Thursday’s funerals were scheduled for Naomi Rose Ebersole, 7; Marian Fisher, 13; Mary Liz Miller, 8; and her sister Lena Miller, 7, according to The Associated Press.

Anna Mae Stoltzfus, 12, is to be buried Friday, AP reported.

Five other girls who were victims of the shooting remained hospitalized — three in critical condition and two in serious condition. They ranged in age from 6 to 13.

Roberts, 32, shot the 10 girls Monday and then committed suicide as police stormed the schoolhouse. The truck driver brought lubricating jelly and plastic restraints with him, and may have been planning to sexually assault the Amish girls, police said.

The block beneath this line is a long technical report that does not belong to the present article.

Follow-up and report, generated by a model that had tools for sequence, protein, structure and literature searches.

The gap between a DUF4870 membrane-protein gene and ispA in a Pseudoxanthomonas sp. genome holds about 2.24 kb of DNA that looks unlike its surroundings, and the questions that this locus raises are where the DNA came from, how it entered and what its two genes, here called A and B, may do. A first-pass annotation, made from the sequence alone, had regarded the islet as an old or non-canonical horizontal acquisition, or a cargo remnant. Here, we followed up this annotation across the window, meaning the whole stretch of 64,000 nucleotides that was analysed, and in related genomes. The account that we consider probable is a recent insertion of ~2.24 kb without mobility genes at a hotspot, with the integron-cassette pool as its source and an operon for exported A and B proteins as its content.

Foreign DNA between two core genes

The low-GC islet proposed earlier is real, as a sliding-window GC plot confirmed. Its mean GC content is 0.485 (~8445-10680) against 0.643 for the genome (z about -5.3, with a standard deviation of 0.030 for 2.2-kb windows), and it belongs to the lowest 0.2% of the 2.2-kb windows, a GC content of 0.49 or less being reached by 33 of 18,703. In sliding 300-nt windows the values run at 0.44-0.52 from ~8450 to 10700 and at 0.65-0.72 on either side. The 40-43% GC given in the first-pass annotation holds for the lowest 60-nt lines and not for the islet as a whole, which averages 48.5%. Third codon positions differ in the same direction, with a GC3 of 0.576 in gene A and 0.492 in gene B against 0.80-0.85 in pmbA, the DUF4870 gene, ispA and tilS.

I wonder what is going through the minds of those families today and yesterday while they prepare the bodies in their home (as is their tradition) for the funeral and burial? Somehow their FIRST thought was one of peace and forgiveness.

Today let us pray that we all may be able to be inspired by their example and be able to overcome the grudges in our own lives and forgive the petty things that we encounter in our lives.

Halo bangin’ to Slayer

What’s next? The BustedHalo.com mosh pit?

An absolutely awesome column by Dave Nantais about Slayer’s new album on BustedHalo.com.
A lot of my high school friends were metal-heads so I listened to a bit of this stuff growing up…not my thing really but I do think the lyrics of a lot of these songs are brilliant.